Look, I get it, I really do. Any Democratic candidate in 2016 has to attack on income inequality in order to carry the passionate base of progressives needed to secure the nomination. For Hillary Clinton, the issue becomes even more acute, given her connections to Wall Street — and to foreign governments connected to massive commercial interests who have donated to the family foundation, too.
If that’s the central issue for Democrats in 2016, though, Democrats may be on the cusp of a 2012-GOP-style faceplant:
Hillary Clinton, under pressure from the left wing of her Democratic Party to aggressively campaign against income inequality, voiced concern about the hefty paychecks of some corporate executives in an email to supporters.
Striking a populist note, Clinton, who announced on Sunday she was running for president in 2016, said American families were still facing financial hardship at a time “when the average CEO makes about 300 times what the average worker makes.”
In a tightly scripted campaign launch in which there were few surprises, the comments were unexpected, at least by progressives, who saw them as an early sign she may shift away from the centrist economic policies pursued by her husband, former President Bill Clinton.
That isn’t a bad issue on which to campaign. Plenty of people have concerns over that disparity, and they’re not all Democrats, either. Republicans would be wise to stake out positions on this, especially on their attacks on crony capitalism. One reason for this development is market consolidation, where acquisitions create fewer and fewer executive jobs and reduce competition throughout the market otherwise. The regulatory and tax policies of progressives make this worse by raising compliance costs through the roof for smaller companies, leaving them with little choice but to either raise prices and lose customers or sell out to larger companies who can absorb compliance costs more efficiently. We’ve seen this happen through Dodd-Frank in the banking and lending industries already.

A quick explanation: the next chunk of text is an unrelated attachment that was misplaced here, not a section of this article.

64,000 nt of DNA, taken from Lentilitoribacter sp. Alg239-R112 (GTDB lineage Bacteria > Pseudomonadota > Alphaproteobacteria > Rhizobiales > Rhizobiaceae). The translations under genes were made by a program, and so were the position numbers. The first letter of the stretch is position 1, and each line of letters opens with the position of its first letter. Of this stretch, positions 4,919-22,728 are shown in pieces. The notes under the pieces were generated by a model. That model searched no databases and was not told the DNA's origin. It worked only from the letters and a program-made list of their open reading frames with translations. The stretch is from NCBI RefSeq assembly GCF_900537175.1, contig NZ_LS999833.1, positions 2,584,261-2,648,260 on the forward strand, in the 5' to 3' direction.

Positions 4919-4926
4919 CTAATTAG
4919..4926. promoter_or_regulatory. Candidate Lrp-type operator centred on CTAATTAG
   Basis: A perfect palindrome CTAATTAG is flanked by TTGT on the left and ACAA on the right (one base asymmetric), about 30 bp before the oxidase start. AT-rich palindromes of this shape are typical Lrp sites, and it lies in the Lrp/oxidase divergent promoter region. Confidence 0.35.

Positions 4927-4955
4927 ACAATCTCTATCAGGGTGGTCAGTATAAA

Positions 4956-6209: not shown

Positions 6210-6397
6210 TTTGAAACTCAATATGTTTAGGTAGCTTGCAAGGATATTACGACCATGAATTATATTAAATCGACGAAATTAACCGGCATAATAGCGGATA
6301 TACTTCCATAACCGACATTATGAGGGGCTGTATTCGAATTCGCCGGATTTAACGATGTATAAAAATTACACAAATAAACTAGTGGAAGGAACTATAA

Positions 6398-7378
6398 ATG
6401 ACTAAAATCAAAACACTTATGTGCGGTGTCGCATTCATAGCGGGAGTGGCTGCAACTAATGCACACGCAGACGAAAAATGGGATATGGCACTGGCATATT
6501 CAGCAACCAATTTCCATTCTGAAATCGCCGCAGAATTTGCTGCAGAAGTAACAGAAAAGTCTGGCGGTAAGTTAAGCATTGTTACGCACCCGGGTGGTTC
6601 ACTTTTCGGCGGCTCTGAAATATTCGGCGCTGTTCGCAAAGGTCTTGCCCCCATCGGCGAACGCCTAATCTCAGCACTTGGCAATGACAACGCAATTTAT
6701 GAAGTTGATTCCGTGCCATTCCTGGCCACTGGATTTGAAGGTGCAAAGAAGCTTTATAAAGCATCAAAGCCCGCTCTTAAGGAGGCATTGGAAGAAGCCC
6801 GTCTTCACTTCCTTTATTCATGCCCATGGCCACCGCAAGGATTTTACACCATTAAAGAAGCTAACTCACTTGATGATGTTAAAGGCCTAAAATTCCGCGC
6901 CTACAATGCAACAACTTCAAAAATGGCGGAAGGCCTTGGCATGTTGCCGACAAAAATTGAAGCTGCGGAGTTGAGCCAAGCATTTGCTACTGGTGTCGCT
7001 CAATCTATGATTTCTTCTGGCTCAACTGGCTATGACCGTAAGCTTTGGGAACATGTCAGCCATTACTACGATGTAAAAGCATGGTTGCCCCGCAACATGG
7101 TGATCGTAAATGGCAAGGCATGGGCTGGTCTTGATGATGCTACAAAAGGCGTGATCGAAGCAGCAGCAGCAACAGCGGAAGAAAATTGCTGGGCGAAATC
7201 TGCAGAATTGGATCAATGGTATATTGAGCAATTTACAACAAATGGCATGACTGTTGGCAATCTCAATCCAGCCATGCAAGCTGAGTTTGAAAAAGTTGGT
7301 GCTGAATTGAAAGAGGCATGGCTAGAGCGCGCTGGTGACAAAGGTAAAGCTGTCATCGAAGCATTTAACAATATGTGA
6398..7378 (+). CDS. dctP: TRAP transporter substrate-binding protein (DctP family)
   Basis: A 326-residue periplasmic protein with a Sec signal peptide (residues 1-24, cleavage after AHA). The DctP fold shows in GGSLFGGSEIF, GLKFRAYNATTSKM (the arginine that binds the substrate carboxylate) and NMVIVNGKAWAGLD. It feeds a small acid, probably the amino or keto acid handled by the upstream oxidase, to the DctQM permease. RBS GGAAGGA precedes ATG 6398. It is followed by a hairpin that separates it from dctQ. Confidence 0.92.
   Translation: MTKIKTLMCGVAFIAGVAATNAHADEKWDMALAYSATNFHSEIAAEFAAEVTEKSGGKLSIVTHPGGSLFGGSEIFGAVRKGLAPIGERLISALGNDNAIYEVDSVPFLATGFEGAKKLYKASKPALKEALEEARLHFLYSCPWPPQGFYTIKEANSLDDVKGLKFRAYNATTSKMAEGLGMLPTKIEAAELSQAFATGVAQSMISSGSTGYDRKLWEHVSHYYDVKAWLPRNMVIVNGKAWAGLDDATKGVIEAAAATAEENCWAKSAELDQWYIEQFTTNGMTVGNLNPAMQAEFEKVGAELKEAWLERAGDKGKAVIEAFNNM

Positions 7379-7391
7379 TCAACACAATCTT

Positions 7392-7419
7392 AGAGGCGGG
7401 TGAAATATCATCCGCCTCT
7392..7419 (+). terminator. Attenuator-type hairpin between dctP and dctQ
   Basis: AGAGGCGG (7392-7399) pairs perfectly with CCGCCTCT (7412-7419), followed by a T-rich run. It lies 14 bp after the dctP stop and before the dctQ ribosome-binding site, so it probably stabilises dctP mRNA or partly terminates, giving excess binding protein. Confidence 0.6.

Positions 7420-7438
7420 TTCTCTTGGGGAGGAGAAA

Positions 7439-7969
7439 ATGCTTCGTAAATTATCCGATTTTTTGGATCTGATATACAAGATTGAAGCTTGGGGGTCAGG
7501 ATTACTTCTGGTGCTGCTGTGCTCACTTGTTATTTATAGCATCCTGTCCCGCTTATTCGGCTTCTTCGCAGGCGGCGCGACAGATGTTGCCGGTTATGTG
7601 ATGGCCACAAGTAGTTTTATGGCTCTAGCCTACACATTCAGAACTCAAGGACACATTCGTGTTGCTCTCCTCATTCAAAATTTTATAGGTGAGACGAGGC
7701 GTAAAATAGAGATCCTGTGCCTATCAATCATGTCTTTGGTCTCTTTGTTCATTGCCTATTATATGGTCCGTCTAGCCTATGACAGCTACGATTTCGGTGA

However, Hillary is the wrong banner carrier for the message by any measure. First, she takes in six times the annual average household income per hour for her speeches, at $300,000 a pop. It would only take her 50 speeches to get to the same 300x metric she decries here. Furthermore, Hillary signed a deal in 2013 for a $14 million book advance for the memoir she released last year, which sold unimpressively for such a marquee advance. On top of that, she’d already received an $8 million advance for her first memoir, “Living History.” That totals $22 million in advance of any work at all, or roughly 440 times what average American households gross in a year. In the years since the Clintons left the White House, they’ve earned well over $100 million. And unlike CEOs at that level, they don’t employ many people, and don’t produce anything except income for their own benefit.
This provides an odd parallel to Mitt Romney in the 2012 campaign. The issue that most fired up the base was opposition to ObamaCare, and Romney had overseen the launch of its predecessor in Massachusetts. The conundrum left the base uninspired, and despite coming close to Obama in a lower-turnout election, Romney could not get enough of the vote out to the polls to bridge the gap. Having Hillary front the issue of CEO pay as irrational and unfair would be almost delicious for its hypocrisy.
This isn’t the only parallel to Romney and the GOP, either. Democrats seem poised to fall into the same trap that the GOP has sprung on itself in most of the presidential election cycles since Gerald Ford — the “next in line” syndrome, as I write in my column for The Week:
The re-emergence of Hillary Clinton as the front-runner — and perhaps the only credible Democratic candidate in the race — demonstrates the exhaustion of the party after the Obama era. Democrats have gotten blown out in statewide elections ever since 2010, a reaction at least in part to the progressive overreach of Obama, Nancy Pelosi, and Harry Reid in 2009 and 2010, and a refusal to triangulate afterward. Democrats have few credible candidates on their bench, and even the few they do have find themselves swamped by Clinton’s connections to donors and activists. Sound familiar?
The back-to-the-past problem Republicans encountered in past campaigns will face Democrats this time around, too. In fact, these issues were best articulated 23 years ago by James Carville, who noted that the elder Bush belonged to the past while voters want to look ahead to the future. “The idea is, he reeks of yesterday,” Carville said of Bush in a moment captured in the documentary War Room. “He has the stench of yesterday. He is so yesterday, if I think of yesterday, if I think of an old calendar, I think of George Bush’s face on it.”
After almost a quarter-century of Clintons on the national scene, Carville’s remarks succinctly sum up Hillary Clinton’s problem. In 1992, the Clinton campaign song was “Don’t Stop Thinking About Tomorrow.” In 2016, it might as well be “Yesterday.”
Or perhaps this: